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Source: thewashingtonpost

Motivations for paleo dieters vary. Some are avoiding grain proteins (like gluten) that are suspected of triggering sensitivity reactions. Others believe that grain-based and especially refined-food diets are major causes of the epidemic of obesity, diabetes and other inflammatory disease. Body builders and middle-aged men have adopted it as a way to reduce calories and increase protein for weight loss and muscle building. Women with autoimmune diseases have discovered that versions of the paleo diet can reduce flares and help manage other symptoms. 

  • On the table: Meats, poultry, fish/shellfish, fruits, vegetables, nuts and seeds
  • Off the table: Limit food that became available only with farming: legumes, grains, maize, vegetable oils like corn and soy, dairy products, and refined sugar
  • Best for: Psoriasis, MS, see AIP for more specifics
  • Read more about it: diet outline
  • Meal plans & recipes: PaleoGrubs, Paleoleap
  • Meal kits & delivery services: onepaleodelivers, paleohacks 

Now For Some More Specific Diets

The Wahls diet was designed by Dr. Terry Wahls, who was diagnosed with multiple sclerosis (MS). The tale is a classic road to recovery through dieting that many of us are familiar with. It is broadly based on the paleo diet, with some modifications.

Screen Shot 2018-07-27 at 3.57.16 PM
Source: Dr.kellyann
  • On the table: Lots of fish, meat, and vegetables. Focus on leafy greens and brightly colored fruits (high in antioxidants). Obtain fat from animal and plant sources (emphasis on omega-3 fatty acids).
  • Off the table: Avoid dairy products, eggs, legumes, nightshade vegetables, (e.g., tomatoes, eggplant, potatoes, and peppers), grains and sugar
  • Best for: Designed and followed by a doctor with MS, recommended for MS patients
  • Read more about it: diet outline
  • Meal plans & recipes: terrywahls.com

Autoimmune Protocol is another variation on the Paleo diet, designed specifically for autoimmune patients. The most recent of the autoimmune-specific diets, this one follows a basic paleo diet with the addition of a 30-day elimination and reintroduction diet for certain foods. It was originally developed by Dr. Loren Cordain, who discovered that certain foods allowed on the paleo diet could trigger inflammation in people with autoimmune diseases.

Screen Shot 2018-07-27 at 4.02.01 PM
Source: The Paleo Mom

Both Dr. Robb Wolf and Dr. Sarah Ballantyne (The Paleo Mom) have written articles and books on AIP. This diet focuses on consuming nutrient-rich foods in addition to eliminating likely problematic foods.

  • On the table: Non-starchy vegetables, some starchy vegetables (plantains, parsnips, squashes, sweet potatoes), grass-fed meats, poultry, seafood, herbs, non-seed spices, honey, maple syrup (in limitation), fruit, coconut, fermented products (including dairy, beverages and vegetables), olive and coconut oil, and non-grain flours.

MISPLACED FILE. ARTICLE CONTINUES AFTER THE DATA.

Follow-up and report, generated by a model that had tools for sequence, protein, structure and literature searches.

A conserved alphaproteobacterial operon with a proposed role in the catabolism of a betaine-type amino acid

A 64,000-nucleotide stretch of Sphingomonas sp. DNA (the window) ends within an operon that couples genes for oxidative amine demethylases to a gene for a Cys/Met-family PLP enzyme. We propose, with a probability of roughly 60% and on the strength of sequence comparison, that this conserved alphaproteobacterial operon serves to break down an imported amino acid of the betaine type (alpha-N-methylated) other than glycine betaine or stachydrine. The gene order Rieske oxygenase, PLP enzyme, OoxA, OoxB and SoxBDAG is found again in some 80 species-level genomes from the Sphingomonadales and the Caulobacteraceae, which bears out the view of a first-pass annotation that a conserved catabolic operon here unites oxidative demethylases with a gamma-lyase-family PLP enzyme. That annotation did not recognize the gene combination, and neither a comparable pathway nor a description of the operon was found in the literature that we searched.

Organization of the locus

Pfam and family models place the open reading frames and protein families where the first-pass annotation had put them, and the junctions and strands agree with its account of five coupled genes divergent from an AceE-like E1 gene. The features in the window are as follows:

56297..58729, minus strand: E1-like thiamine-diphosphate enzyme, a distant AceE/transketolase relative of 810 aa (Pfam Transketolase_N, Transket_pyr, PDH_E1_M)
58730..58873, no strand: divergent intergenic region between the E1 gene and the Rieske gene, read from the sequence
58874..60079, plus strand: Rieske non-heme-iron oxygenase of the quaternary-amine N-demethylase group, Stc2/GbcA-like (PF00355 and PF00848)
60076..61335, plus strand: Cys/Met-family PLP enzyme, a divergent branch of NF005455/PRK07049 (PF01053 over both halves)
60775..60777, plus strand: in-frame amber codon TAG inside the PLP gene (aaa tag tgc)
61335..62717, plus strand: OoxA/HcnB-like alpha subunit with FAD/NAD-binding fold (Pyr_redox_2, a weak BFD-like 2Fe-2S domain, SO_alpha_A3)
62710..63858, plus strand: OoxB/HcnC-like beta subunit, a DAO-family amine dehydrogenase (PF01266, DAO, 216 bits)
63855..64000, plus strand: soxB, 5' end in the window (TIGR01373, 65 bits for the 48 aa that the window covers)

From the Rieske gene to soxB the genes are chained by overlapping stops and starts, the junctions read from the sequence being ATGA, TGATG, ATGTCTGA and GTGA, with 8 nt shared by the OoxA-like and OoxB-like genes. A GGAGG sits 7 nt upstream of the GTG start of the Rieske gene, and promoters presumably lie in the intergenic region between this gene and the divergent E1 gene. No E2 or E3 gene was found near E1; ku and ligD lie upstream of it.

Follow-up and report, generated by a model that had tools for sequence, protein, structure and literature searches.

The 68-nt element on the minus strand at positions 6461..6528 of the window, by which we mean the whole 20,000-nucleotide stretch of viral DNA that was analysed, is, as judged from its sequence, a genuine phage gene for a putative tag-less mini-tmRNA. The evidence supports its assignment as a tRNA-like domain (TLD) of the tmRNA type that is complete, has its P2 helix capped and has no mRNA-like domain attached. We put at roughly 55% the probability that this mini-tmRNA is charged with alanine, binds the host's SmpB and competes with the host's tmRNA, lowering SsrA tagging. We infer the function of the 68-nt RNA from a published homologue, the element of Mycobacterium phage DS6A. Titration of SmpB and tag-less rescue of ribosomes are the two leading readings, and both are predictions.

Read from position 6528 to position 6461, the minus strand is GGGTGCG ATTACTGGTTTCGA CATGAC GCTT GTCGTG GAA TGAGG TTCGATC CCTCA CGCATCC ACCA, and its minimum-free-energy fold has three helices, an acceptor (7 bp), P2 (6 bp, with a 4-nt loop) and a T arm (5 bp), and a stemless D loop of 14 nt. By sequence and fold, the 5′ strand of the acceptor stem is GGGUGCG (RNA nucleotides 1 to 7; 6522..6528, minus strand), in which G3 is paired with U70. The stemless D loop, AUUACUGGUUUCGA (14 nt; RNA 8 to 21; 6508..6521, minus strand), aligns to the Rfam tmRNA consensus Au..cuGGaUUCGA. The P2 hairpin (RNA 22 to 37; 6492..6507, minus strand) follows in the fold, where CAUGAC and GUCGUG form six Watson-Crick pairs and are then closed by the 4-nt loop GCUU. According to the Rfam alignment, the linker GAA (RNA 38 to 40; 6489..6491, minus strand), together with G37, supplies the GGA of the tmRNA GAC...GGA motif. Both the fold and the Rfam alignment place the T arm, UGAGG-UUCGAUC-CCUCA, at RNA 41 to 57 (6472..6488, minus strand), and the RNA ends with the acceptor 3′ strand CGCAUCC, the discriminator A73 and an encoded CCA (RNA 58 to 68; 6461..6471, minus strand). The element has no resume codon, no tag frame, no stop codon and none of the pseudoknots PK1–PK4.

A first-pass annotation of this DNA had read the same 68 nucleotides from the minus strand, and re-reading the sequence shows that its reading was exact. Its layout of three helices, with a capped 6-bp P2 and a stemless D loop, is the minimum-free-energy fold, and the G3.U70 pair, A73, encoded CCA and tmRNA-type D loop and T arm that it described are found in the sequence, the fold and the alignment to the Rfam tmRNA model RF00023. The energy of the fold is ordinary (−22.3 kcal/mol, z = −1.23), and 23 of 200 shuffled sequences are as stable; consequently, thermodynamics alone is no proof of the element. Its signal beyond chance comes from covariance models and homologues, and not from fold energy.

• Off the table: Grains, beans, legumes (including green beans), nightshade vegetables, refined sugars, eggs, nuts, seeds (including chocolate, coffee and seed-based spices), vegetable oils, and most dairy.
  • Best for: IBS, IBD, recommended for any inflammatory disease
  • Read more about it: diet outline, The Paleo Mom, phoenixhelix
  • Meal plans & recipes: meatified, Paleo Mom Recipes, unboundwellness
  • Meal kits & delivery services: Paleoonthego

Low FODMAP (Fermentable Oligo-, Di-, Mono- saccharides, And Polyols). These short-chain carbohydrates are poorly digested and absorbed in the small intestine, thus are a big source of food for microbes in the large intestine. As your microbiome digests the FODMAPS, they can trigger a multitude of GI-related symptoms such as gas, bloating, diarrhea and cramping. Different people may be sensitive to different ones, so in order to personally figure out which ones are triggers for you, this diet starts as an elimination diet–cutting all possible trigger FODMAPs–followed by a reintroduction phase.

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Source: Schar

The first extremely restrictive phase is meant to be temporary, allowing your immune system and microbiome to reset, while the reintroduction phase helps you pinpoint which specific FODMAPs are triggers for you. Once the reintroduction phase is complete, you should have a better understanding of which FODMAPs to avoid, and which ones are OK for you.

  • On the table: (low FODMAP foods) brown rice, buckwheat, oats, maize, arugula, kale, spinach, green beans, carrots, eggplant, tomato, zucchini, low-fructose fruits (blueberries, kiwi, oranges, strawberries), tofu, eggs, seeds, nuts, maple syrup, low-lactose dairy (dry and aged cheeses, cream, yoghurt, etc. (click here for a more complete list)
  • Off the table: (high FODMAP foods): wheat, onions, garlic, high-fructose fruits (apples, apricots, bananas, cherries), asparagus, Brussels sprouts, cauliflower, baked beans, agave nectar, high-lactose dairy (cottage and cream cheese, etc.) (click here for a more complete list)
  • Best for: IBS, recommended for IBD, eczema, MS, fibromyalgia, and rheumatoid arthritis
  • Read more about it: diet outline
  • Meal plans & recipes: dietingwell, alittlebityummy, grocerylist